The essence of Zuckoff's A robber baron in Barron's house is an invidious comparison of Clarence, the good Barron, who made the Dow Jones company great, and Rupert, the "robber baron," whose News Corp. has made a $5 billion offer to acquire the parent corporation of the Wall Street Journal, among other operations.
Thus Zuckoff contrasts "the Truth in its proper use"-- Barron's motto for the Wall Street Journal -- "with Murdoch's Fox News and New York Post, where fairness has somehow become a word drenched in irony."
Zuckoff similarly contrasts the pair's labor practices. "Barron . . . never fired or laid off a single" employee, boasts the journo prof, who continues: "contrast that with the fears of the Journal's current union, which predicted that a Murdoch takeover would mean 'gutting the enterprise and slashing the staff that make it the leading financial news organization.'"
Remember this, budding journalists: when seeking an objective appraisal of a company's labor situation, nothing beats uncritically accepting the union's take. Moreover, in a newspaper landscape of declining circulation and collapsing revenues, wouldn't it be managerial malpractice to never fire an employee? Is it better to cut some jobs to preserve others, or to keep them all only to fire them all when the paper inevitably goes belly up?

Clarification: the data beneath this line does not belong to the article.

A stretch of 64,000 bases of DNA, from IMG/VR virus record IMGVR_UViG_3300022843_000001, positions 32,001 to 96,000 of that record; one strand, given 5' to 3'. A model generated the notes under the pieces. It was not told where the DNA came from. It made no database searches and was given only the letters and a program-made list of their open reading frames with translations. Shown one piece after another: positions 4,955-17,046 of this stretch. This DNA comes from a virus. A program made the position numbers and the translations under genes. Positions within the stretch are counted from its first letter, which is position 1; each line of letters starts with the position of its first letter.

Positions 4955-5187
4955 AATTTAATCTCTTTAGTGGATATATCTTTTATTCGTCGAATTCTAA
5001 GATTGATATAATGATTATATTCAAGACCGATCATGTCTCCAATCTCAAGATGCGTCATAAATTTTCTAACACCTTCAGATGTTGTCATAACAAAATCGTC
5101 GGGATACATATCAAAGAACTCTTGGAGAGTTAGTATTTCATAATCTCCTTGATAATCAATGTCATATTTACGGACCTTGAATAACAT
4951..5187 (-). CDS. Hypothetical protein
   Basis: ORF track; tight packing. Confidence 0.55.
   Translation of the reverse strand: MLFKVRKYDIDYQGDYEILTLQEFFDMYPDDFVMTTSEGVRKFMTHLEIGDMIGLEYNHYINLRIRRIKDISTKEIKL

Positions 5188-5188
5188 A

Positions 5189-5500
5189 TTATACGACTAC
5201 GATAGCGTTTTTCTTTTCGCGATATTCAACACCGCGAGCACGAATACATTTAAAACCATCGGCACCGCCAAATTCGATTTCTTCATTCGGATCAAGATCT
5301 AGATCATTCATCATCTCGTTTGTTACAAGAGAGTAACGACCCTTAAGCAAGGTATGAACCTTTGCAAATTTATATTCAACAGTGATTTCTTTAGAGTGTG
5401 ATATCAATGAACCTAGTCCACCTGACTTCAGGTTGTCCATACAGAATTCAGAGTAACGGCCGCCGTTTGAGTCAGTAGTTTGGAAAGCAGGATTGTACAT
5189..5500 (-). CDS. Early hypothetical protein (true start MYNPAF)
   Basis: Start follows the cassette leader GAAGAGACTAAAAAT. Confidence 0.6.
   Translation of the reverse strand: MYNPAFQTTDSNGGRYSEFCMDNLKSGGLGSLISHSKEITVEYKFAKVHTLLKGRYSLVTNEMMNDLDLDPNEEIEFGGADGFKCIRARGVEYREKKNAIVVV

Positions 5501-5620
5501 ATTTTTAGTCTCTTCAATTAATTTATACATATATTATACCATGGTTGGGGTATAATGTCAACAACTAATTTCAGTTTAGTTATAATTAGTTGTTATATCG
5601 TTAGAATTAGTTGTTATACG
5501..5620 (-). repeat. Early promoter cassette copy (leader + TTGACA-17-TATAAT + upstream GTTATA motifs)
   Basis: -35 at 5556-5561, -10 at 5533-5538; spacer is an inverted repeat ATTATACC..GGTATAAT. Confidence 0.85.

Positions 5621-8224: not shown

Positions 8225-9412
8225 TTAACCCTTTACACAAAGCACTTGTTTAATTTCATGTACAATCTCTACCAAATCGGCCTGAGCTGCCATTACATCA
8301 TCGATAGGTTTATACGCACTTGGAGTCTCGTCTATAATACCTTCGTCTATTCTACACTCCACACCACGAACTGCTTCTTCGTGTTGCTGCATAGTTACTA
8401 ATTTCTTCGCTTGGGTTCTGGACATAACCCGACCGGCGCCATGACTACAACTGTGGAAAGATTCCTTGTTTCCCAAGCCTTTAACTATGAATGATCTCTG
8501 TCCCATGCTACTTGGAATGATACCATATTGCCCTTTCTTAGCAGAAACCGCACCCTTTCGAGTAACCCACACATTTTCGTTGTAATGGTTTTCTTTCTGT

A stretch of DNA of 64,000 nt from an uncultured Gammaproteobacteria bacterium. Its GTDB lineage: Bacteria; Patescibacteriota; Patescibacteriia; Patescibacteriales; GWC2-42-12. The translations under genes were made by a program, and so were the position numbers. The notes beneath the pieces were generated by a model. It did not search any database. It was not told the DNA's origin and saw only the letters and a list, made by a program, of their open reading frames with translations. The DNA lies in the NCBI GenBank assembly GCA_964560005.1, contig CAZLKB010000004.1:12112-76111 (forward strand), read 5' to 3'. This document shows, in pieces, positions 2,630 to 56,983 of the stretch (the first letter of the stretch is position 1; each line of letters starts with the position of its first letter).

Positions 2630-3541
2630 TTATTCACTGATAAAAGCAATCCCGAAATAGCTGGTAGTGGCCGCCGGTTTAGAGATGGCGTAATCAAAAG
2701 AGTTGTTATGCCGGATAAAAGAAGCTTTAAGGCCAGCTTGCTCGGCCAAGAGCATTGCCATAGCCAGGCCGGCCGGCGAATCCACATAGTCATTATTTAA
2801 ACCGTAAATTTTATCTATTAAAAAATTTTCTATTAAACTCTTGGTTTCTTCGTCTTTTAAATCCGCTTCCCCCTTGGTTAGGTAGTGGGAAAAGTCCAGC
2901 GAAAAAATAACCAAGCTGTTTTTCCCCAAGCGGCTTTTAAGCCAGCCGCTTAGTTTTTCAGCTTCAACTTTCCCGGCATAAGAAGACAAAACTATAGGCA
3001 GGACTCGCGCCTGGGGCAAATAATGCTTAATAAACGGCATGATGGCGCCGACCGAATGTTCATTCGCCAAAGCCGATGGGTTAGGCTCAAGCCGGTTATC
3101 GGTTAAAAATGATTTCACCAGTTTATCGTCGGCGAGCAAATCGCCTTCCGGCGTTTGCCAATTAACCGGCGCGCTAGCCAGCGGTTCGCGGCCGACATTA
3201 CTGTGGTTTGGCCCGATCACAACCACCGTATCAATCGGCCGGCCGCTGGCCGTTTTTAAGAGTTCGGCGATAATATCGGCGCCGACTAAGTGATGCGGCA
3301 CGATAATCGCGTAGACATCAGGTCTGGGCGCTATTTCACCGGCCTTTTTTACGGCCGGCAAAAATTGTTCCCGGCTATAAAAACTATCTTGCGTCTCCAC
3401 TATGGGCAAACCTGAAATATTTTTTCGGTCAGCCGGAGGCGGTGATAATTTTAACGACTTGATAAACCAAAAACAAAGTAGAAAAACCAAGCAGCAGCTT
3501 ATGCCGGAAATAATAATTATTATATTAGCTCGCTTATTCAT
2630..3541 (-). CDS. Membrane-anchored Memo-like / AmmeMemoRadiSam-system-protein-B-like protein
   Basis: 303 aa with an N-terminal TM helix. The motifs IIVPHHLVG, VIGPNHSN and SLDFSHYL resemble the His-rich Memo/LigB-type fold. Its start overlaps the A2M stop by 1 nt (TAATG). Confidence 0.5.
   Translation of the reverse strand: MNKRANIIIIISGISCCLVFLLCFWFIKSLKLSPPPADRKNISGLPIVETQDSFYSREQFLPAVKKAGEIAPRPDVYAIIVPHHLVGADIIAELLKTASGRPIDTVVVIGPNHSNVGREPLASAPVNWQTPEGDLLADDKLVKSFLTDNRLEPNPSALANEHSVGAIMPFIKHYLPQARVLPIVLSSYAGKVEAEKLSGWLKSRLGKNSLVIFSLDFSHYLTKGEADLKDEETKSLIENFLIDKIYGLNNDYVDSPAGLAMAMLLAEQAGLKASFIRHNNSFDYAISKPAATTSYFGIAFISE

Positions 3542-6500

Zuckoff concludes by claiming that Murdich "fits one Barron dictum that should guide his heirs in the weeks to come: 'If you must pick a fight, pick only worthy adversaries.'"
That's right: Professor Zuckoff, molder of young journalistic minds, sees Rupert Murdoch as an adversary. Zuckoff unwittingly, ironically, makes Murdoch's point. It is the very mindset of the Zuckoffs, and the journalists they churn out, that makes operations like Fox News so necessary -- and so popular.
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